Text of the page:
Set in 1930s Shanghai, where a blind American diplomat develops a curious relationship with a young Russian refugee who works odd -- and sometimes illicit -- jobs to support members of her dead husband's aristocratic family.
A man is found murdered, with witnesses convinced about the woman they saw leaving his apartment. However, it becomes apparent that the woman has a twin, and finding out which one is the killer seems impossible.
Olivia de Havilland,
Set in a Fascistic future America, The Handmaid's Tale tells the story of Kate, a handmaid. In this America, the religious right has taken over and gone hog-wild. Kate is a criminal, guilty of the crime of trying to escape from the US, and is sentenced to become a Handmaid. The job of a Handmaid is to bear the children of the man to whom she is assigned. After ruthless group training by Aunt Lydia in the proper way to behave, Kate is assigned as Handmaid to the Commander. Kate is attracted to Nick, the Commander's chauffeur. At the same time, a resistance movement begins to challenge the regime.Written by
Must See for Those Who Still Care About Women's Rights
Margaret Atwood, a Canadian novelist (and poet) wrote the dark fantasy novel on which this film is based. It is set in The Republic of Gilead, formerly the United States, or at least the parts of it that are not radioactive. The radioactive parts are called the colonies, where bad girls are sent to die of radiation poisoning. The time is the near future, after the inevitable nuclear war, and the breakdown of government as we know it.
The society depicted in The Handmaid's Tale is a nightmare: everyone is watched by the Eyes, unknowable, unseen government spies. Women are forbidden to have jobs. They are irrevocably assigned to classes. At the top are the chaste, but morally superior, Wives, almost all of whom have been rendered infertile by the inevitable unclear war. At the bottom are the housekeepers, or Marthas, who are non-entities. In the middle are the Handmaids of the title, who are fertile, but tightly controlled. The term Handmaid is a Biblical term that is used in the Old Testament stories of Abraham, Sarah, Jacob and Rachel. In the Bible, the wives gave their handmaids to their husbands in order to produce heirs.
Handmaids, in the film and the book, are forced to have sex with the Commanders, the husbands of the Wives. During this sex, the Wives are intimately present to take in any "love" their Commanders have to give.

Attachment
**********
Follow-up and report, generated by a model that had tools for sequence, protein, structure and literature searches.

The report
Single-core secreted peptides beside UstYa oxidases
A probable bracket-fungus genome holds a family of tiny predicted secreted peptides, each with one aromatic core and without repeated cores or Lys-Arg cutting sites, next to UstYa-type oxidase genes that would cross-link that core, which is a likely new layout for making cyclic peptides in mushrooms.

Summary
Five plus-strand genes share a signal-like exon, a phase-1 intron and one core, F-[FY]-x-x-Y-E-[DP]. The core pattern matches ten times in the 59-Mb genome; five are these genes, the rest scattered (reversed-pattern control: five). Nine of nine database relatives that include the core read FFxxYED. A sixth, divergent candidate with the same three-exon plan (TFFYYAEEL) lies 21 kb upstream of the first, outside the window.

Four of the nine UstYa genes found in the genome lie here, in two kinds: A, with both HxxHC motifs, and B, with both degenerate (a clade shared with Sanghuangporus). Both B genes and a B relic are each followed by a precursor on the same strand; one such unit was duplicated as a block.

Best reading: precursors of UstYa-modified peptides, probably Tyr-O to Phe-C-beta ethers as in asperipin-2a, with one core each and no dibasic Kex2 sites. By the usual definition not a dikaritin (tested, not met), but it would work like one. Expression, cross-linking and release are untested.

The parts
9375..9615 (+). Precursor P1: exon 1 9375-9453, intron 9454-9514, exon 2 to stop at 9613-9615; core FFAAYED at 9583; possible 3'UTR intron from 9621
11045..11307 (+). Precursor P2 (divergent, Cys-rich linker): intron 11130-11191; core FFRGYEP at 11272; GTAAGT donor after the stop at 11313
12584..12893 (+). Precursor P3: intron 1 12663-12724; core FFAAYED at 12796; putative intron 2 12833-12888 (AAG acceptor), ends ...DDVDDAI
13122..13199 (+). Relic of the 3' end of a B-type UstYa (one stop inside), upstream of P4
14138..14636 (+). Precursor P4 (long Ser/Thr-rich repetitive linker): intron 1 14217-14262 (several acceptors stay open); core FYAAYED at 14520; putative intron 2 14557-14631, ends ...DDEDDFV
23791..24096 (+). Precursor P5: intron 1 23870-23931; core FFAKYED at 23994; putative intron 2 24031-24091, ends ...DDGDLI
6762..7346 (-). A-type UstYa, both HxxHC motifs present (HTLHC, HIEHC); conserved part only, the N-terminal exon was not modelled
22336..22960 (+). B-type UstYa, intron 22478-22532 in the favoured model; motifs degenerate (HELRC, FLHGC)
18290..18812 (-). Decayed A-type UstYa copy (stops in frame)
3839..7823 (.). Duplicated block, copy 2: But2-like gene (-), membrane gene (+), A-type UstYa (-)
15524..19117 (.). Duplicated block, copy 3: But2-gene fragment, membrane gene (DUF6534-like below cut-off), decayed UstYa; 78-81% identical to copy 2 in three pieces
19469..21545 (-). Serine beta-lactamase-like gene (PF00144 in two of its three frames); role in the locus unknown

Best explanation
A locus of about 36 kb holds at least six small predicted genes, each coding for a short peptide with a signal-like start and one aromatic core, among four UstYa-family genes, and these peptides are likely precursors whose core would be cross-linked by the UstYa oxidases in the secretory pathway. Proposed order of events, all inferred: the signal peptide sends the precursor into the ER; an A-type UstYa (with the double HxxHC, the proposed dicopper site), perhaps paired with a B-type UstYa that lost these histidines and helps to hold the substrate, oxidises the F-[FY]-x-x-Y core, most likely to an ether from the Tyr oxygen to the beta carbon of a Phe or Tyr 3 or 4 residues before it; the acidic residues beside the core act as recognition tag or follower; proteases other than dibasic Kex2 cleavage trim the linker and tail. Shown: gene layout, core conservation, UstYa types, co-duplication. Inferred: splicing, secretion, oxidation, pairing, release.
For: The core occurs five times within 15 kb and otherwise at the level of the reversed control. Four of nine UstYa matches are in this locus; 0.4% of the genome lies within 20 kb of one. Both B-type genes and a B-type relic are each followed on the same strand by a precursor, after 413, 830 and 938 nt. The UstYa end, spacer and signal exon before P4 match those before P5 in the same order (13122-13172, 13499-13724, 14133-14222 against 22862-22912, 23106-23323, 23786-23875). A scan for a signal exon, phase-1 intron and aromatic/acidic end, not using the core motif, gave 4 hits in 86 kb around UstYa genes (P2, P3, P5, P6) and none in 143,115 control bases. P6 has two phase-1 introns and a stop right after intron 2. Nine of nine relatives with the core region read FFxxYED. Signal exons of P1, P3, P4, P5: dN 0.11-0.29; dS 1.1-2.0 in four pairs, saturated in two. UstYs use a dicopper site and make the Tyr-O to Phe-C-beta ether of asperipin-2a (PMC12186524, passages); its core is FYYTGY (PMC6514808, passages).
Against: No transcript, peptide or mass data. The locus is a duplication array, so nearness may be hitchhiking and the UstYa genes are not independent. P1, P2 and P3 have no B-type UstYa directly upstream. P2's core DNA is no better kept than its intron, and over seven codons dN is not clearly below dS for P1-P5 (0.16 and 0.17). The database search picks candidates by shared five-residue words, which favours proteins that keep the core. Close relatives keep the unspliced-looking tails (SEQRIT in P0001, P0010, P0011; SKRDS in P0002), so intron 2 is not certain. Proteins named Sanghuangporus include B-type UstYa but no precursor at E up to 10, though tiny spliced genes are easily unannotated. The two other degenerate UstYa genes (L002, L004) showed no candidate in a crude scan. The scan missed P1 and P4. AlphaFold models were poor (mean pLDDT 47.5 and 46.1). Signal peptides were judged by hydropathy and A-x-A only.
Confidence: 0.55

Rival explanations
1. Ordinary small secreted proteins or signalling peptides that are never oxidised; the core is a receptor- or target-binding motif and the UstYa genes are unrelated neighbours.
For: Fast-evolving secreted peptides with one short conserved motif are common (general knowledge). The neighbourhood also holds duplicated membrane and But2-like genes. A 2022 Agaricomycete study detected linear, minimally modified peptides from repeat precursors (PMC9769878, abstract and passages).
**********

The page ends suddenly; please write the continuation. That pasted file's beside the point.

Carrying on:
The Handmaids are trained to remain unattached to the Commanders. They are prohibited from using makeup or doing anything to make themselves attractive. Handmaids are forced to turn their offspring over to the morally "fit" Wives.
Robert Duvall, a Commander in whose home Offred is placed, gives a family Bible reading performance that will curdle the blood of true people of faith. It is a breathtaking, heart-stopping performance.
The government is totalitarian and monotheistic. The one god is very strict, and has His Eyes everywhere.
Offred, who was once known as Kate, is a Handmaid who, despite her training (read brainwashing), recalls her past, her loving husband, and her adored daughter. She tells with sparkling, and terrifying clarity, how the society came to be the way it is.
This governmental aspect of the story is instructive, however, they are almost totally absent in the film.
Offred's/Kate's personal story is heartrending. It reminds one of the miseries of, say, the women of Darfur. When the government breaks down, she and her husband and daughter attempt to flee to Canada. Unfortunately, they are caught. Her daughter is "confiscated." Her husband is taken away. She never sees her husband again.
Offred's training is not as extensively portrayed in the film as it is in the book, but her feeling of terror and helplessness are palpable, in an exquisite performance by Natasha Richardson. Warning, blood is shown.
As we ride down the slippery slope toward the overturning of Roe v. Wade, this film is a must see for those who still care about women's rights.
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